Manual Shaded Relief of the World
This page describes a generalized shaded relief that I drew, intended for making small-scale maps of the world and continents. The relief image registers with Natural Earth vector data. It is available as a grayscale GeoTIFF (10,800 x 5,400 pixels) in the Geographic projection. The shaded relief is without the blue drainages and water bodies shown in the examples above.
Where to get it
Go to the Natural Earth website.
Why manual shaded relief?
Automated relief shading methods do not produce acceptable shaded relief at very small map scales. The problem is generalization. High-resolution elevation data when rendered yield shaded relief with excessive detail—at small scales mountain ranges look like gritty "sandpaper" textures (Figure 1, left).
Smoothing or downsampling elevation data is the usual solution to the problem of too much detail, which when rendered produces blurry, indistinct shaded relief resembling melted plastic (Figure 1, middle). Even Terrain Sculptor software, which nicely generalizes shaded reliefs at large and medium-scales, is ineffective at very small scales.
To develop an appropriately generalized world shaded relief, I turned to the manual relief shading techniques that I learned in the 1980s. (For manual relief examples, visit Shaded Relief Archive). This approach allowed me to represent complex mountain ranges as gray and white tones that captured their basic characteristics, including orientation, ruggedness, major sub ranges, and relative elevation. Given the small scale and limited space, the resulting terrain is a caricature. I also wanted the shaded relief to have a soft, clean style that could combine unobtrusively with other information on reference and thematic maps. Going back to my manual roots was the only way to create what I needed (Figure 1, right).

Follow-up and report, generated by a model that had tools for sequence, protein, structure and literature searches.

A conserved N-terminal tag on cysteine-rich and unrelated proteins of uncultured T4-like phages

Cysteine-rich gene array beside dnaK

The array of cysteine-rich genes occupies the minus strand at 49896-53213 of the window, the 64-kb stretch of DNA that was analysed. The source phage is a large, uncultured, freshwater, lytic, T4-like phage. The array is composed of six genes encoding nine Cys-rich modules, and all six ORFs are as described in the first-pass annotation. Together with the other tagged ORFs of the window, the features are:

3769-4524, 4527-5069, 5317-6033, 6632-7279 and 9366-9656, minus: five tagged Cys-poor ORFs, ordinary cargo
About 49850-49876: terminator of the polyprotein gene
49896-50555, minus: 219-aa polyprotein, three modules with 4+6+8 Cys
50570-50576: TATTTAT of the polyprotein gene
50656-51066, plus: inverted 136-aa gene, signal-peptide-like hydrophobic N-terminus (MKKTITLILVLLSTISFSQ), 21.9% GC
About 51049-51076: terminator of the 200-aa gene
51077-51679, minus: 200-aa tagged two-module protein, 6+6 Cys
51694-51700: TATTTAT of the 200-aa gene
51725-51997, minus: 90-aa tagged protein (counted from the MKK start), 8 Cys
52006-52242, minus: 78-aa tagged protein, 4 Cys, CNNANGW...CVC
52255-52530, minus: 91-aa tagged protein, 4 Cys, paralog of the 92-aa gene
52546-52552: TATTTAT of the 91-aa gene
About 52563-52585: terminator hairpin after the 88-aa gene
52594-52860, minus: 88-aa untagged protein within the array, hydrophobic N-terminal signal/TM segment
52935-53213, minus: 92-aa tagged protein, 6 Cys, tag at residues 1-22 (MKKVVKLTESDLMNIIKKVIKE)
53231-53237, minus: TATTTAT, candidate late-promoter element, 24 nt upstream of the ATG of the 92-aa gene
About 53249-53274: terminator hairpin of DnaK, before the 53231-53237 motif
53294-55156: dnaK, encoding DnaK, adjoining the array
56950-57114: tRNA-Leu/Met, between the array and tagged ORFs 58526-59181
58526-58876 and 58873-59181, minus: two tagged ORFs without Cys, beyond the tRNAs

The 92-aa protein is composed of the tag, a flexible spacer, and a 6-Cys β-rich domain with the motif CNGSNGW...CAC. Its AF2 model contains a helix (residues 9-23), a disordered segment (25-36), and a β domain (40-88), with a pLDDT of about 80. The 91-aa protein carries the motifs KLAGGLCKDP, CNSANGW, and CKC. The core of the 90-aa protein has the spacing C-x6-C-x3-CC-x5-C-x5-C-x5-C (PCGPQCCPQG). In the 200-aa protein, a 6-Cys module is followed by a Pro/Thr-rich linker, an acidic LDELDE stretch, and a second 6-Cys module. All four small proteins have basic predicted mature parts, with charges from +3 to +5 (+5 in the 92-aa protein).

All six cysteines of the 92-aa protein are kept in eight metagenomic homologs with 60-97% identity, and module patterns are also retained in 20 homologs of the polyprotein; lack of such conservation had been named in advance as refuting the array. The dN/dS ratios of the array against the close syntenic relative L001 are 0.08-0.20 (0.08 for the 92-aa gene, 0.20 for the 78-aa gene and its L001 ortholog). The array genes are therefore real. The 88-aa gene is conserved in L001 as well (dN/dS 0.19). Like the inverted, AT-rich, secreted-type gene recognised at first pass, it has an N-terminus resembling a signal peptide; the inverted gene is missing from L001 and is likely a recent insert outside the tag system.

Figure 1. (left) Digital shaded relief rendered from 120-arc second elevation data. (middle) Digital relief rendered from smoothed elevation data. (right) Manual shaded relief.
How it was made
Using Adobe Photoshop and a Wacom tablet brought a modern dimension to this manual project (Figure 2). To draw manual shaded relief that was both stylized and accurate, I referred to a detailed digital shaded relief generated from SRTM elevation data while drawing (Figure 1, left). The digital relief was on a Photoshop layer above my drawing layer that I could toggle on and off for quick checks. Another reference layer contained Natural Earth vector drainages, coastlines, and spot elevations.
The drawing layer contained a generalized shaded relief with slightly more detail than that of Figure 1, middle. I used Natural Scene Designer Pro to create it with 1,800 percent vertical exaggeration. Drawing directly on the generalized digital relief allowed me to gauge relative elevations and provided a gray base upon which to paint lighter or darker pixels. When drawing in Photoshop, I tried not to vary the magnification level in order to keep the amount of terrain detail consistent from one region to the next.
The manual relief that I drew is not entirely manual. For example, extreme polar stretching on the Geographic projection presented drawing challenges. Consequently, Antarctica and the high arctic contain mostly digital shaded relief supplemented with manual touchups. Some large, flat areas elsewhere, such as the Amazon basin, Canadian Shield, and West Siberian Plain, also received little manual work. The digital shaded relief that appears very lightly in these areas looked acceptable.
My drawing focus correlated to terrain prominence—bigger, higher features received the most attention. I drew with a soft brush in Photoshop that I varied in size using keyboard commands (the Wacom tablet also has programmable buttons for doing this). Drawing in grayscale, I alternated between light and dark tones by toggling the foreground/background colors with another keyboard command. I applied tones lightly using multiple brush strokes with the brush opacity ranging from 10 to 50 percent. Using the pressure sensitive Wacom tablet and stylus allowed for the application of very subtle tones.